Saturday, May 5
2 - 5 pm
Exhibition tour with the artists and curator at 3 pm
Free shuttle bus departs OCAD U (100 McCaul St) at 1:30 pm, to return at 4:30 pm, first come, first served
With an instinct for justice brings together two projects that reveal acts of collective resistance and the poetic, lingering impact that individuals working together can have on systems of power. Elise Rasmussen and Shadi Harouni’s works offer intimate portraits of pushback. Addressing the economic, political, and social arenas in which citizens take action against oppressive forces, each project directly registers the political and the global on human, individual, and personal scales. Conflict is at the core of these oppositions, but the works within this exhibition also offer a sense of catharsis, empowerment, and perhaps even resurgence. With an instinct for justice makes us acutely aware of the embodied nature of resistance and the emotional investments that counteractions demand. Both Rasmussen and Harouni document social subjects within contested contexts of commodification, resource extraction, and political power. While Harouni’s works frame a resistance to erasure, Rasmussen directs our attention to corporeal resistance. The resonances that linger between these two projects talk us through intimate and mighty acts of refusal.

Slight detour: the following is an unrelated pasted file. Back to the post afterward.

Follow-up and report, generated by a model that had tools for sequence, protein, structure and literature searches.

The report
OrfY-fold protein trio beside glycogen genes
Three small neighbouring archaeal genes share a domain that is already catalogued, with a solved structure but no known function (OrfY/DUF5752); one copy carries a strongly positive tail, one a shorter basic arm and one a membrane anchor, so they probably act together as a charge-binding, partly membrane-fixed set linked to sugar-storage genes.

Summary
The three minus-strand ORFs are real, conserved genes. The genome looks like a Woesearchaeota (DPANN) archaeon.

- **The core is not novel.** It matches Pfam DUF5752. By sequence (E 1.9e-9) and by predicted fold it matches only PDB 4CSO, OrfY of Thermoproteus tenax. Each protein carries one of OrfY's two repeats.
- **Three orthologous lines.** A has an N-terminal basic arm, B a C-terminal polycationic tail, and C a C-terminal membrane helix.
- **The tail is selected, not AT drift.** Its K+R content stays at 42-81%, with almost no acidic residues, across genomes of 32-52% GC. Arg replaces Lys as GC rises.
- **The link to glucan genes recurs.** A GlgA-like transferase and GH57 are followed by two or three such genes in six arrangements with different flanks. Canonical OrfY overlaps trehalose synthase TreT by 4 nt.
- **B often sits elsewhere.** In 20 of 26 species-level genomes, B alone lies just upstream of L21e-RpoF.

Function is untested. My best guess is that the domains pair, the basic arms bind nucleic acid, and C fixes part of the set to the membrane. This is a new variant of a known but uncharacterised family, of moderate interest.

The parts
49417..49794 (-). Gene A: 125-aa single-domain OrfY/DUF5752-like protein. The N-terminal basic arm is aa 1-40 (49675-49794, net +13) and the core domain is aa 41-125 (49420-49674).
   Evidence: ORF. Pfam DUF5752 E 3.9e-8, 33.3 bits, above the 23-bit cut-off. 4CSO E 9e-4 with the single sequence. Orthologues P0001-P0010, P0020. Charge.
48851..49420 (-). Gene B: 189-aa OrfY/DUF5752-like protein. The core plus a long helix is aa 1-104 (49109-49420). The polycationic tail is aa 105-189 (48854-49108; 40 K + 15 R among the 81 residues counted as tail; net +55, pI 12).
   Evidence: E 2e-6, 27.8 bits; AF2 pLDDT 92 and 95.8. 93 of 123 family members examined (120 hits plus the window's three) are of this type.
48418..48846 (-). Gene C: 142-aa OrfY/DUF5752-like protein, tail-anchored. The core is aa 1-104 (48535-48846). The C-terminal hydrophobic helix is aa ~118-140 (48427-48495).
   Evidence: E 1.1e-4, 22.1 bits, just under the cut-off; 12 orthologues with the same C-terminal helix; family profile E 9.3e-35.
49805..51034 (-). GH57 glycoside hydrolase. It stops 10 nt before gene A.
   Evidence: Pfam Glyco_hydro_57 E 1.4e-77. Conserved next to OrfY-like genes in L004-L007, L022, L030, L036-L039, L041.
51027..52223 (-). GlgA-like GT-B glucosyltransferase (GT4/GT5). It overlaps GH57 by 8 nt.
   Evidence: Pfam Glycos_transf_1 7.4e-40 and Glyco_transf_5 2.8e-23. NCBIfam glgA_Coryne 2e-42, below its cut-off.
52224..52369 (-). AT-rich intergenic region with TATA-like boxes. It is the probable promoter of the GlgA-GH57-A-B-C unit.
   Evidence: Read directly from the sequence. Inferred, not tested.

With an instinct for justice is a Featured Exhibition in the 2018 Scotiabank CONTACT Photography Festival.
See our PROGRAMS & EVENTS PAGE for additional programming information.
Elise Rasmussen (born 1977, Edmonton, AB; resides in Brooklyn, NY) is a research-based artist working in photography, video and performance. Her work has been exhibited, performed and screened at international venues including the Brooklyn Museum (New York), the Irish Museum of Modern Art (Dublin), Night Gallery (Los Angeles), Pioneer Works (New York), and Erin Stump Projects (Toronto). Elise received her MFA from the School of the Art Institute of Chicago on a Merit Scholarship (2007) and her BFA (Hons.) from Ryerson University (2004). She gratefully acknowledges the Canada Council for the Arts and the Jerome Foundation for support with this project.
Shadi Harouni is a visual artist based in New York and Tehran. Her practice ranges from site-specific interventions, video and sculpture, to photography, printmaking and publishing. Her research centers on marginalized and forgotten histories of dissent and resistance, chiefly in the Middle East. Her recent projects, set in quarries and cemeteries throughout Kurdistan, have been exhibited in public and private venues including The Queens Museum, NY, Kunstmuseum Bonn, DE, MUCA Roma, MX, The Elizabeth Foundation for the Arts, NY, Fondazione Ratti, IT; and featured in publications that include Art Forum, Shifter, Mousse, The Guardian and The New York Times. She holds an MFA in studio art from NYU and a BA in Fine Arts from University of Southern California. Harouni is a professor and Head of the Undergraduate Program in Studio Art at New York University Steinhardt.
Noa Bronstein is a curator and writer based in Toronto. She has contributed to such publications as PREFIX Photo, Canadian Art, Border Crossings, The Journal of Curatorial Studies and C Magazine. Recent curatorial projects include When Form Becomes Attitude at Contemporary Calgary and Memories of the Future at Gibson House Museum.